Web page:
Hedge your bets with a golden band of wallflowers

A golden band of wallflowers at the base of a hedge will work wonders.

A golden band of wallflowers at the base of a hedge will work wonders.

Carnations

BRIAN KIDD: Gardening galore for the long weekend

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It’s difficult to choose plants which will survive in shade and in particular beneath a tall hedge where the roots are close to the surface and there is little soil to cultivate.

There are many boring plants, but finding a few which are interesting and ones which will provide interest through the year takes thought.

One of the best spring flowering bulbs are hyacinths. These can be planted now for flowering next March.

Or what about tritelias, which are also called ipheon? They’ll make lots of leaves with little white flowers with pale blue lines. They’re not the sort of thing you would buy. It’s the kind of plant someone else would be glad to get rid of. The point is, it will grow and be no trouble.

If hedge roots are close to the surface, chop some off with a stainless steel border spade. Use the contents of old growing bags on top of the ground. Mix this into the area where the roots have been cut off. This gives more depth for the roots of other plants which will provide a mass of colour.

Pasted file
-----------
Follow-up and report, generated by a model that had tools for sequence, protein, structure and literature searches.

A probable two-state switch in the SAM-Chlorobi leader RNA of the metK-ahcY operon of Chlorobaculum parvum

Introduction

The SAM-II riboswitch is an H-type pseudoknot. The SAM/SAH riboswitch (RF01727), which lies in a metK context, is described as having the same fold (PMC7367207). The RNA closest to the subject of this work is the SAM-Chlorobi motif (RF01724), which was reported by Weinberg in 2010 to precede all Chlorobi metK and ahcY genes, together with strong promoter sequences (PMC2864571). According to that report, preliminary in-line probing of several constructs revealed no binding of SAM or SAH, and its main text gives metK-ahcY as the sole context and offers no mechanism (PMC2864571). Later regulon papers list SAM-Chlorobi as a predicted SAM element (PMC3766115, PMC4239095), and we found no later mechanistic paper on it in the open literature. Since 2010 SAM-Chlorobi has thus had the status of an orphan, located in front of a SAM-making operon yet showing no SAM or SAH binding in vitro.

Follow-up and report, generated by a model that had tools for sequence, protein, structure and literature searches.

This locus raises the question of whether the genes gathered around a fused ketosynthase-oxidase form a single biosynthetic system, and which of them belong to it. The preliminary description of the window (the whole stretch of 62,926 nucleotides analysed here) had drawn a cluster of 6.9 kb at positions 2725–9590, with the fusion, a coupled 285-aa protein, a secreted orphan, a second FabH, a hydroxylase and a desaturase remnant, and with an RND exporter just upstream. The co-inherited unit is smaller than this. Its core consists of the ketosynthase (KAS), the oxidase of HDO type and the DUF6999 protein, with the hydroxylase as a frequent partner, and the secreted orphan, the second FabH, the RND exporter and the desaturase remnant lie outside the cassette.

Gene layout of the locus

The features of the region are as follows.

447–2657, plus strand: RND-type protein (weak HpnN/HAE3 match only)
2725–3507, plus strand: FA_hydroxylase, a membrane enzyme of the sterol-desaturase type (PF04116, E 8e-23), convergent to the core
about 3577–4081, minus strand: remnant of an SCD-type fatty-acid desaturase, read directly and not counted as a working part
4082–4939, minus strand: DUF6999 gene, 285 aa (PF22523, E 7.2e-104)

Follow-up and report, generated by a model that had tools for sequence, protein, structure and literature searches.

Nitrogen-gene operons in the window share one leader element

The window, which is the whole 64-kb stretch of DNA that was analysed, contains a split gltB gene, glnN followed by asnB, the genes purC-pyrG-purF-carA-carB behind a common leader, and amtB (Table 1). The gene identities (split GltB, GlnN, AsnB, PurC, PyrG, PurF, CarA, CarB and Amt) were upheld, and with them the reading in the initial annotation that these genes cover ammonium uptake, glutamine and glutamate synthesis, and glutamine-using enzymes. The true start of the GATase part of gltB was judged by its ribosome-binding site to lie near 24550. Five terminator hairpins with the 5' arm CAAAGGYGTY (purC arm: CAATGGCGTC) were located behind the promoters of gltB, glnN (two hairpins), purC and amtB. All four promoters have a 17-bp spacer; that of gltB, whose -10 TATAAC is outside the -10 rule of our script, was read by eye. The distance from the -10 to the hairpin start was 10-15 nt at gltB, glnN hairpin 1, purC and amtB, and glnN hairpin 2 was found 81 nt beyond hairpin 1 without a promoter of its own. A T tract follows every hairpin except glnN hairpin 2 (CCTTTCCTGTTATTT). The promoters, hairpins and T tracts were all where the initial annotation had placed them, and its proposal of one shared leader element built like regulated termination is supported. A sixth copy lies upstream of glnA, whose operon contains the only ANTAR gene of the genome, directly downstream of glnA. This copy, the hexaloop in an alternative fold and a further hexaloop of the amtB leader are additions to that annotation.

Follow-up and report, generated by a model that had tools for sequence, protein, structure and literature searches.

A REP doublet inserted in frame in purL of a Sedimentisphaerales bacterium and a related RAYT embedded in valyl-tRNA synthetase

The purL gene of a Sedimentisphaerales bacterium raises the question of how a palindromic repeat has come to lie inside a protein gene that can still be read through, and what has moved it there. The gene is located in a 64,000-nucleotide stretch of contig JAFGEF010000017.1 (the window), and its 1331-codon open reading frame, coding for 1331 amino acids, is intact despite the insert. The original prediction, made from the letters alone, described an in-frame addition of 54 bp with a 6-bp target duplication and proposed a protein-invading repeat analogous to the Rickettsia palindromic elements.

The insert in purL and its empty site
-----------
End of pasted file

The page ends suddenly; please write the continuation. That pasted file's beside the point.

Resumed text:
For a super spring show, you won’t beat wallflowers but the variety is important. Mixed will be fine, but the object is to add lightness or a band of sunshine along the hedge’s base.

So avoid mixed and try to find Golden Bedder or Cloth of Gold – ideal if planted eight inches apart in three rows. We have just planted ours.

This spring display can be followed by a summer spectacular. You know how wonderful bedding begonias are in summer – one of the best display plants in shade. However, the truth is they love water too and it may be a lot of work having to keep them moist because a hedge will try to pinch all the water available. My point is that you don’t have to rely on boring rubbish when you have a wide choice.

There are some perennials which will be good in dry shade. One of these is Lady’s Mantle (alchemilla). It grows to 15in with a misty cloud of greenish yellow flowers and has a fan-shaped leaf. If planted next to iris unguicularis (formerly stylosa) which flowers in winter, the two contrast well. You won’t get many flowers on the iris but the lady’s mantle will compensate.

For berries, what about cotoneasters? They would grow on the moon. Of all the plants, these are the most tolerant species. Autumn Fire is the smallest with the largest leaf and it’s only about 15in high. The leaves look like weeping willow leaves and there is the bonus of bright red berries.

The round-leafed Coral Beauty has orange berries. Again, it’s very short, perhaps the ideal berry underneath that hedge.

TIP OF THE WEEK

Buy two pots of parsley and thyme and put them in the edge of a border and you will have fresh herbs for Christmas stuffing. Much better than the stuff in packets.

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